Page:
Show 28 – vCloud Network Overlays, OTV, VEPA and networking appliances

It was planned to have a discussion around L2 Data Centre connection the VMworld in Copenhagen but Scott and I could not meetup. So we recorded this podcast to start talking about some of the issues, technology and solutions. I’m not sure that we have all the technology or knowledge in place, so keep watching for more discussions in the future.

This is the second half of the show and you should probably listen to last weeks show to get the whole story at


Scott Lowe Ivan Pepelnjak @ioshints

Layer 2 Data Centre Interconnect – open discussion

  • The challenges of extending L2 DCI network betweens sites.
  • Outlining the threats of large Layer 2 spaces in terms of network vulnerability.
  • quick review of vMotion traffic and its requirements.
  • Reviewing the impact of fault domains and L2 VLAN space as uncontrollabl
  • It’s all about the application.
  • Latency, latency and the impact on vMotion switchover.
  • Greg’s article on the Traffic Trombone and Ivan’s extensions to it.
  • It’s worth remembering that Network Load Balancers can be more effective than using vMotion is certain use cases.
  • vMotion is not for unplanned outages or DR. More for planned outages or possibly workload balancing.
  • Debating whether we are able to QoS L2 traffic when flowing between data centers thus answering the question about guaranteeing levels of service for multiple hosts in a VLAN.
  • Some humour on Pseudowire over MPLS over GRE over IP. But’s its actually real.
  • Some review on the F5 EtherIP technology and whether it’s relevant to the solution.


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Greg Ferro
Greg Ferro is a Network Engineer/Architect, mostly focussed on Data Centre, Security Infrastructure, and recently Virtualization. He has over 20 years in IT, in wide range of employers working as a freelance consultant including Finance, Service Providers and Online Companies. He is CCIE#6920 and has a few ideas about the world, but not enough to really count. He is a host on the Packet Pushers Podcast, blogger at and on Twitter @etherealmind and Google Plus.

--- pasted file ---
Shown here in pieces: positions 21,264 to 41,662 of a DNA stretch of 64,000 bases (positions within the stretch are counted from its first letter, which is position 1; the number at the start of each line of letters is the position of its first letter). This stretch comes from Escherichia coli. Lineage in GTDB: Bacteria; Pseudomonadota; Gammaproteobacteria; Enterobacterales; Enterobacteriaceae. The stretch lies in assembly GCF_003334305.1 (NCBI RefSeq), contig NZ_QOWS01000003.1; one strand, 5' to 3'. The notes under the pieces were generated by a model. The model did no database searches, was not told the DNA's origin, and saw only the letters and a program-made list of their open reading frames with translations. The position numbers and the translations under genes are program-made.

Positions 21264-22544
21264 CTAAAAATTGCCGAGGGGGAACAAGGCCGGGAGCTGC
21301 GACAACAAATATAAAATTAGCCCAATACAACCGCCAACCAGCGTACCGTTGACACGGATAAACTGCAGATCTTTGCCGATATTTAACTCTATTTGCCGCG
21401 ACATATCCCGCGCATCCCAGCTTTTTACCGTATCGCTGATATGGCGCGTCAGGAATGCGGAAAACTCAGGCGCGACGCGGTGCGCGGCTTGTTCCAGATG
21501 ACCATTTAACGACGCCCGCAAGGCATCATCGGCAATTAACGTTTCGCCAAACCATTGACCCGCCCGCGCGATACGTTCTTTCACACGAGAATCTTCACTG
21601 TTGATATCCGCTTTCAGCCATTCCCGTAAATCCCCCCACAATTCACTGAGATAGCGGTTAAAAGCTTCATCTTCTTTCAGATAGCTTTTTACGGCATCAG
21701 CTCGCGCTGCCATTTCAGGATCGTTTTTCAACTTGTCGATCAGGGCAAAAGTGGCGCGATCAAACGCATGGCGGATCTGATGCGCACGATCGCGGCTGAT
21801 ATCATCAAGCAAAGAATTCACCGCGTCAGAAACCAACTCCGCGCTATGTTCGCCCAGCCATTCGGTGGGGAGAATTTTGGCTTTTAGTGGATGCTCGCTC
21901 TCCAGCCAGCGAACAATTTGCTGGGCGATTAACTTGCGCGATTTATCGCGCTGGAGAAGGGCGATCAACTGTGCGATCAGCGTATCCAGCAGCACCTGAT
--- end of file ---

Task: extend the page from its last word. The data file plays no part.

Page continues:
Greg Ferro
Greg Ferro
Greg Ferro
  • Michael McNamara

    I really enjoyed listening in on your conversation. I was surprised that no one mention the use of dedicated point-to-point dark fiber as a Data Center interconnect option assuming that your locations are within 50Km of each other.

    Also, was there an issue with the MP3 audio around 25 minutes and 40 seconds? I noticed several drop-outs over a 2 minute duration.


  • Julio

    Why does everyone say OTV is the easiest way to do L2 interconnect? Was I the only one thinking "slam 1 or 2 metro ethernet circuits between the data centers and lock it down the usual way (prune un-needed VLANs off, broadcast/multicast storm suppression, etc.)".

    If you're worried about wasting bandwidth because of STP blocking ports, aggregate the links together using LACP.

    So OTV protects you a little bit from unicast flooding. Is that all it does?

  • Ken Ratliff

    Good conversation, but as mentioned above, it sounded like the recording for someone (Greg?) screwed up, and it sounded like Scott and Ivan were responding to a question we couldn't hear

  • Mark H

    Speak Your Mind ?!?!?!?! – careful where you solicit.
    Greg – this is show 28 (listen to it again).

    I 'love' the way noone expands the acronym OTV.

    Anyway, this was my journey,
    OTV is a newly born Lebanese generalist TV station
    Occupational Trainee visa
    Odor threshold value

    Would suggest a future podcast to bring these all together … for goodness sake give some closure :)

    In spite of the above I do appreciate the effort you guys put into the mp3's (what the @$#^% does it have to do with pods ?)

  • Dmitri Kalintsev

    Just a small note – the IFG is not 6 ms.

    "The minimum interframe gap is 96 bit times (the time it takes to transmit 96 bits of raw data on the medium), which is 9.6 μs for 10 Mbit/s Ethernet, 960 ns for 100 Mbit/s (fast) Ethernet, 96 ns for 1 Gbit/s (gigabit) Ethernet, and 9.6 ns for 10 Gbit/s (10 gigabit) Ethernet." (yes, from Wikipedia)